World Bulletin / News Desk
Such arrests are rare in a country, where the force -- run by the military-controlled Ministry of Home Affairs -- has long been criticized for corruption, unlawful practices in dealing with communities, and its use of excessive force to crack down on demonstrations.
On Dec. 25, the 30-year-old -- arrested on suspicion of stealing -- died in police custody in the small town of Shwe Kyin in the Bago district of Myanmar’s biggest city, Yangon.
A police officer in Shwe Kyin Township told Anadolu Agency on Tuesday that 10 officers had been arrested for the death since Dec. 29 after the suspect’s body was found in a creek near the town.
“The death was not premeditated. But police headquarters in capital Nay Pyi Taw instructed us to investigate,” the officer said by phone on condition of anonymity as he was not authorized to speak to media.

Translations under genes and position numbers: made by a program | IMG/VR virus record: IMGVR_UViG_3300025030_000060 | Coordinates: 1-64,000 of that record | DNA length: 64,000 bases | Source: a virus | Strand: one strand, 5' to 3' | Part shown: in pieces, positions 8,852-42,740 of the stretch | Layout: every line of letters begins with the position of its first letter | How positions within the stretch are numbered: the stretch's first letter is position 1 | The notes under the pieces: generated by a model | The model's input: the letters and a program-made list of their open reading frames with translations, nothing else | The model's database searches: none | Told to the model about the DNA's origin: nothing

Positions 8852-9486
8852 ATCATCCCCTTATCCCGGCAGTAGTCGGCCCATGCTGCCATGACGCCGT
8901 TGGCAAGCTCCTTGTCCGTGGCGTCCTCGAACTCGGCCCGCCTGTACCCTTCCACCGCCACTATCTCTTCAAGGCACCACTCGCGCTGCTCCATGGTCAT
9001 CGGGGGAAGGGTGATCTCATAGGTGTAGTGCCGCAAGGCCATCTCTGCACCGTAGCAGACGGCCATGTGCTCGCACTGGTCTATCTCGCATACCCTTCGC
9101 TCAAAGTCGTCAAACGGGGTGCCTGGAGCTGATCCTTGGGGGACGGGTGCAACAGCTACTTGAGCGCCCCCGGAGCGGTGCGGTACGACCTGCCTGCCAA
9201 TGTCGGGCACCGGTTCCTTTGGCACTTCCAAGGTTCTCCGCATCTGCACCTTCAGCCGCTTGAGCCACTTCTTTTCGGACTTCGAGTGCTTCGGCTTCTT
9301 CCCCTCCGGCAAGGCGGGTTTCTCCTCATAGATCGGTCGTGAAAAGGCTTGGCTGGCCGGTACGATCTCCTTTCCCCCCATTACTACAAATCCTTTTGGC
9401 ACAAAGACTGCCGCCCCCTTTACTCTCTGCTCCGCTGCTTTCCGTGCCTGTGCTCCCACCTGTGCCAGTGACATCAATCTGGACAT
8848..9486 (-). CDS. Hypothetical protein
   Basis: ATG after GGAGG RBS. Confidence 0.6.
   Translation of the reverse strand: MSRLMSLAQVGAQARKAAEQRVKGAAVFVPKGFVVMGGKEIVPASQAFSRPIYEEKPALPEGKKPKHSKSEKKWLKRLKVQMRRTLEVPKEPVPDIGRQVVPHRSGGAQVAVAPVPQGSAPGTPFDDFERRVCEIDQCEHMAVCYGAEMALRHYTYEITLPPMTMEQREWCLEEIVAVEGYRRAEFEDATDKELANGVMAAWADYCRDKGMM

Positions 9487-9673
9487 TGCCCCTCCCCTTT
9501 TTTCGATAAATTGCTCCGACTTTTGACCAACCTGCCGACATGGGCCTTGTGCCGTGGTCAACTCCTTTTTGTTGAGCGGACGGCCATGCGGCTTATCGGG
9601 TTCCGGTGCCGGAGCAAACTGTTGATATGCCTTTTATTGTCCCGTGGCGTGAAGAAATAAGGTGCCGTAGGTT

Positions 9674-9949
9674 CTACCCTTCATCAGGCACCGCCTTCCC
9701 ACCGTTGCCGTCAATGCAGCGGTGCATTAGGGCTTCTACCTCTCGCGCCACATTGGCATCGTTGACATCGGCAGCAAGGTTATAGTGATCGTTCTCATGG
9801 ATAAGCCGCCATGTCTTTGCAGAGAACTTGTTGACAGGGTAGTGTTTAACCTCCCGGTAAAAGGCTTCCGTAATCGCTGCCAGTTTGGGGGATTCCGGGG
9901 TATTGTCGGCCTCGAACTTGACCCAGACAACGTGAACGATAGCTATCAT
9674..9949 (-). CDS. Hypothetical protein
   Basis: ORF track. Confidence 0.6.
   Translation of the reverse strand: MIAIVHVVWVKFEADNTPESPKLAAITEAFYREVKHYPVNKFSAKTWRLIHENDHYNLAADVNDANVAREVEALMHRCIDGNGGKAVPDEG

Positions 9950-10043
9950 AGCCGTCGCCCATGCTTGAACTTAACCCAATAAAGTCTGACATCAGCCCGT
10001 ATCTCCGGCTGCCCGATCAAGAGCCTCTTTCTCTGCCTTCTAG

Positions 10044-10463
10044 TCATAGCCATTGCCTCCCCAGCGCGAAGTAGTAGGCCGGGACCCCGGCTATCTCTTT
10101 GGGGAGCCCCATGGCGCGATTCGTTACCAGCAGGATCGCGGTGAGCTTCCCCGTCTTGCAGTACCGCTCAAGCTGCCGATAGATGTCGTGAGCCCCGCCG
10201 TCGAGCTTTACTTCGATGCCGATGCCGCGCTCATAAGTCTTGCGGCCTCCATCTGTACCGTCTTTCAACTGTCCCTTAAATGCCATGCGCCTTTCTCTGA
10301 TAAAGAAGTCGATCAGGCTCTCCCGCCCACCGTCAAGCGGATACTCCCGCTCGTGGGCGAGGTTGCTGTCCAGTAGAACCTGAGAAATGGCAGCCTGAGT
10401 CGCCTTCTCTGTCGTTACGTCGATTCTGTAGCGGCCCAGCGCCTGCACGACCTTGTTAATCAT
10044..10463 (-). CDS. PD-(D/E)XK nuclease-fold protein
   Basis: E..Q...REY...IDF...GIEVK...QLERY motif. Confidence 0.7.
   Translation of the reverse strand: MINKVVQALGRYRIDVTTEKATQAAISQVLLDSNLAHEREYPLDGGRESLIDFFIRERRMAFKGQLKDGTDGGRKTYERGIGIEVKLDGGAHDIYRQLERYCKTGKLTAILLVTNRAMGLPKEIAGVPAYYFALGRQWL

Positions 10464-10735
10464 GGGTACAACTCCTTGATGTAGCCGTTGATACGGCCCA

“We had found that police did not follow the rules and regulations during the interrogation."
He said 10 local police have been charged under sections 302, 210 and 114 of Myanmar’s Penal Code, which carry a death sentence if found guilty.
The current government of State Counselor Aung San Suu Kyi, with the help of the United Nations Office on Drugs and Crime (UNODC), has been trying to reform the police force since taking power earlier this year.
Soe Lin Aye, a senior officer at police headquarters in the capital, Nay Pyi Taw, underlined to Anadolu Agency on Tuesday that with the country enjoying a transition to democracy it is now crucial for law enforcement officers to reform their practices.
“Police have to follow the prescribed law so that people can have trust in us,” he said by telephone.